Dealing with guilt and punishment is a part of civilized life. In America, the jury system determines the guilt of the accused after seeing all the evidence. After the jury decides, a judge will determine the appropriate punishment for the crime.

It turns out that the American justice system is a metaphorical way of doling out punishments. Research at Vanderbilt University has found that the processes used to assess guilt and punishment happen in different parts of your brain. This is interesting because the research suggests that one can change, and not just affect, another.

Essentially, one part of your brain might believe a person is without guilt, but another may still want to punish them. These two parts may be mutually exclusive. However, both parts need to be balanced in order for justice to be carried out in a fair way.

The report is called From Blame to Punishment: Disrupting Prefrontal Cortex Activity Reveals Norm Enforcement Mechanisms. In the study, the researchers explain that they used rTMS (transcranial magnetic stimulation) on a specific area of the brain to alter the activity using a cell phone booster. The area of the brain manipulated by the scientists is known as the dorsolateral prefrontal cortex.

The experiment included 66 volunteers. The volunteers were given scenarios of crimes that ranged from property destruction to death. The group was also told how responsible the suspect was for the crime.

Then, 33 people were given active rTMS while the other half were given a placebo. The subjects then had to decide what punishment to enforce on the criminals in the scenarios. These scenarios ranged from threats to home security, as well as assaults committed by the felons.

The results saw that those who had their brains manipulated with rTMS chose smaller, less-impactful punishments. This was even true for suspects that were fully responsible for the crimes in the scenarios.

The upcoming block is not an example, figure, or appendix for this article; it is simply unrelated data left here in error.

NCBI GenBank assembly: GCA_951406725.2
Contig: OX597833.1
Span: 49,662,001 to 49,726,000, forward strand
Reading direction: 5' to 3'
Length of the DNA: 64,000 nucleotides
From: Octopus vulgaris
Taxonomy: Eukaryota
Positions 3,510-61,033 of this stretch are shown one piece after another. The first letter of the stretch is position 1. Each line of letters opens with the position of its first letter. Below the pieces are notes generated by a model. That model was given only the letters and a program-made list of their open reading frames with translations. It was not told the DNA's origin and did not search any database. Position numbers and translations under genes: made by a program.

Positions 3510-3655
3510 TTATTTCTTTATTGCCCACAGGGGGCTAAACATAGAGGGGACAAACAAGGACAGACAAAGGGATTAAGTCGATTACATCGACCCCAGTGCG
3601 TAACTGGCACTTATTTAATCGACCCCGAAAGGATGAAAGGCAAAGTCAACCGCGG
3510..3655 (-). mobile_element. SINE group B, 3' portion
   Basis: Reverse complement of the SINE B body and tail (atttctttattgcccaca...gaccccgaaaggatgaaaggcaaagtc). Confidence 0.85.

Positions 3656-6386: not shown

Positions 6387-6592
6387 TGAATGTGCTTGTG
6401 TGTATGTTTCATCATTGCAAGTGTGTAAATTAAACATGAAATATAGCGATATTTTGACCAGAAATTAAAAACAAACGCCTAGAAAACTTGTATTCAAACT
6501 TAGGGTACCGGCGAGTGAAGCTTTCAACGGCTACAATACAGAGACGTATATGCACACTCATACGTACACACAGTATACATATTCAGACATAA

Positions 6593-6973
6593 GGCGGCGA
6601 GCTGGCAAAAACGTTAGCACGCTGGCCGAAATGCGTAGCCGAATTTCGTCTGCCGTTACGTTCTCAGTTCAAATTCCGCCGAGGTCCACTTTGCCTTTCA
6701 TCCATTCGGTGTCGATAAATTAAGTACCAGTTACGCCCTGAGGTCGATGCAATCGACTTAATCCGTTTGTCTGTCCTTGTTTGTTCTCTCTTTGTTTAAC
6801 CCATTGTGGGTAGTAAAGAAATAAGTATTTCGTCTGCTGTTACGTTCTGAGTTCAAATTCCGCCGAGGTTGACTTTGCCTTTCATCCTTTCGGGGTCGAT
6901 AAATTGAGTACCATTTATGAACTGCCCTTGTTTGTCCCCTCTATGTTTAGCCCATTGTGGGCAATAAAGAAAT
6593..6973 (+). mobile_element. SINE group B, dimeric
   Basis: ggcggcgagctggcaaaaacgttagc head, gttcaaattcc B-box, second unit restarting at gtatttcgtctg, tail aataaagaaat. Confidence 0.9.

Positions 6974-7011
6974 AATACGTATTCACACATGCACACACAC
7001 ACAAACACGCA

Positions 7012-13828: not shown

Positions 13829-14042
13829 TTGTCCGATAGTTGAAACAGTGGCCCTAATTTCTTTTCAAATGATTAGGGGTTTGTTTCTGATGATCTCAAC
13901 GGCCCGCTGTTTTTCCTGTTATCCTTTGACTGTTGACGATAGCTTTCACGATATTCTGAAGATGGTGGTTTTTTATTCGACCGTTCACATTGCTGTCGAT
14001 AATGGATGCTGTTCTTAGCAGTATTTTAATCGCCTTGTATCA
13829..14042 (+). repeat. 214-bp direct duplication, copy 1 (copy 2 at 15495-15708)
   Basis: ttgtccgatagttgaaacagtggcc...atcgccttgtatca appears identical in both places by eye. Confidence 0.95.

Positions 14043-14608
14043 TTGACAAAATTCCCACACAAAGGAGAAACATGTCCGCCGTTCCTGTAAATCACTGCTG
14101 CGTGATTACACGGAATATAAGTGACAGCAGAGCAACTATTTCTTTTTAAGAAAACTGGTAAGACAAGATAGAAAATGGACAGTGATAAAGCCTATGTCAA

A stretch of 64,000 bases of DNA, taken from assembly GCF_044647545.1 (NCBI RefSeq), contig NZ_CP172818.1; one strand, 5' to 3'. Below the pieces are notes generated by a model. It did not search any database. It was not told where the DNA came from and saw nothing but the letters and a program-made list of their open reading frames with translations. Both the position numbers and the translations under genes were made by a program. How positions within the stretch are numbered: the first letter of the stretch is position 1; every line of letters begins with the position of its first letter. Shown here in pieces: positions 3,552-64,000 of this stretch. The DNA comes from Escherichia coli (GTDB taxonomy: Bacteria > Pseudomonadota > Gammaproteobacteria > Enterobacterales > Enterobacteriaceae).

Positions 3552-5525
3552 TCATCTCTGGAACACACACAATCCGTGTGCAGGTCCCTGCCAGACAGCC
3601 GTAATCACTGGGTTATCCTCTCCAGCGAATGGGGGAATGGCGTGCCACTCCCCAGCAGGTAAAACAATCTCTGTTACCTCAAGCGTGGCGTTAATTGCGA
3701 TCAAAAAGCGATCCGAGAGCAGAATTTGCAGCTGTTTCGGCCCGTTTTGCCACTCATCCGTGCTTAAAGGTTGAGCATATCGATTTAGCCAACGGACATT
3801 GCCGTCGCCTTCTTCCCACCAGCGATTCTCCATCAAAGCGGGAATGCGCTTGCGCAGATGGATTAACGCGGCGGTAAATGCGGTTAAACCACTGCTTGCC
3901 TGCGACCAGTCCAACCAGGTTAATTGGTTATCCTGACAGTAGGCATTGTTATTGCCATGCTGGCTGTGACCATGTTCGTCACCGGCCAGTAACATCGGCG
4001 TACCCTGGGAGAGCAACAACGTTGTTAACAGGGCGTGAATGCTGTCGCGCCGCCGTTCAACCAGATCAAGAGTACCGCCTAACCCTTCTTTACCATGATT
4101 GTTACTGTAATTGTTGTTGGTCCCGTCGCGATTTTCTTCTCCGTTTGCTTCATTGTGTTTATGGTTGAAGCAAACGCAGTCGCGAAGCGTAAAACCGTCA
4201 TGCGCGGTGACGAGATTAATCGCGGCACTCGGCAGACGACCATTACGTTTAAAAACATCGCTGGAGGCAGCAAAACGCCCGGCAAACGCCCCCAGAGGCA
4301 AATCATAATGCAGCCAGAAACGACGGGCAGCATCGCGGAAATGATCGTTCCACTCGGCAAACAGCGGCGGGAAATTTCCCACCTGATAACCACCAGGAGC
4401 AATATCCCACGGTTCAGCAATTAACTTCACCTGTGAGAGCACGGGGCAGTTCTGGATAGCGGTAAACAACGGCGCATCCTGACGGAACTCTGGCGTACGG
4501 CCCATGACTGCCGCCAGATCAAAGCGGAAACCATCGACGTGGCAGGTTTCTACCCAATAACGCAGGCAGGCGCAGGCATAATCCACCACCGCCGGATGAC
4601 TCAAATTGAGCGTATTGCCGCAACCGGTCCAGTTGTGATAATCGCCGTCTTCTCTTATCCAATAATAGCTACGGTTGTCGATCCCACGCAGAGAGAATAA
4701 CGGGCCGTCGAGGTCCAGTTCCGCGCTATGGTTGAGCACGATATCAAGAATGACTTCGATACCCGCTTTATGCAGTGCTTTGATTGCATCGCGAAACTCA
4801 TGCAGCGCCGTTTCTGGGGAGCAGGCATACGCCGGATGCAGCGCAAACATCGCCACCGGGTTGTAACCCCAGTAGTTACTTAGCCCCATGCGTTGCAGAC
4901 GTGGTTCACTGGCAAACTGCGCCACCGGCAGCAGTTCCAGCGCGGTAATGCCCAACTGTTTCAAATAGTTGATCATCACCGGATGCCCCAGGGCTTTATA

In the cases where the accused was completely guilty but only committed a small crime, many of the subjects chose to award only small punishments.

The results of the study suggested that the disruption to this area of the brain changed how the subjects made their decisions. This was despite the fact that the information did not change.

According to this research, deciding suitable punishment requires that the two different parts of the brain work in tandem to find a balance. In the study, the rTMS upset this balance and interfered with deciding punishments.

Previous research has suggested that the part of the brain reviewed in this study is used primarily in simple tasks. It also plays a role in memory and behavior. Researchers now believe that it is an important part of complex decision making.

This research has important implications for the increasing prevalence of neuroscience in the criminal justice system. Understanding how the brain makes decisions about guilt and punishment may eventually help the court system ensure that better decisions are made.

This research, in combination with other advances in brain science, like understanding criminal behavior, can help ensure that the appropriate punishments are delivered to relevant guilty parties.

A better understanding of how guilt and punishment are decided will be especially important in the field of juvenile crimes. Understanding how punishments are decided for juvenile crime will hopefully help create a fairer system of punishment for youth.

For example, recent research has suggested that youth are more likely to commit worse crimes when they are a part of a group. Younger brains respond more to rewards in groups than they do alone. However, current punishments for gang crimes are harsher than punishments for crimes committed alone. This is in direct opposition to scientific evidence.

Assessing blameworthiness and delegating punishment are distinct cognitive processes. Hence, understanding the effect of these processes on decision making is important. If the court system can recognize that the processes in decision making are as complex as the criminal brain itself, it can work to create systems to keep these processes in check.

Although it’s impossible to know for sure, some estimates suggest that between 2.3% and 5% of American prisoners are innocent of the crimes they were convicted of. Using neuroscience research to make sure better decisions are made can help keep innocent people out of jail.

Featured photo credit: David Ohmer via flickr.com

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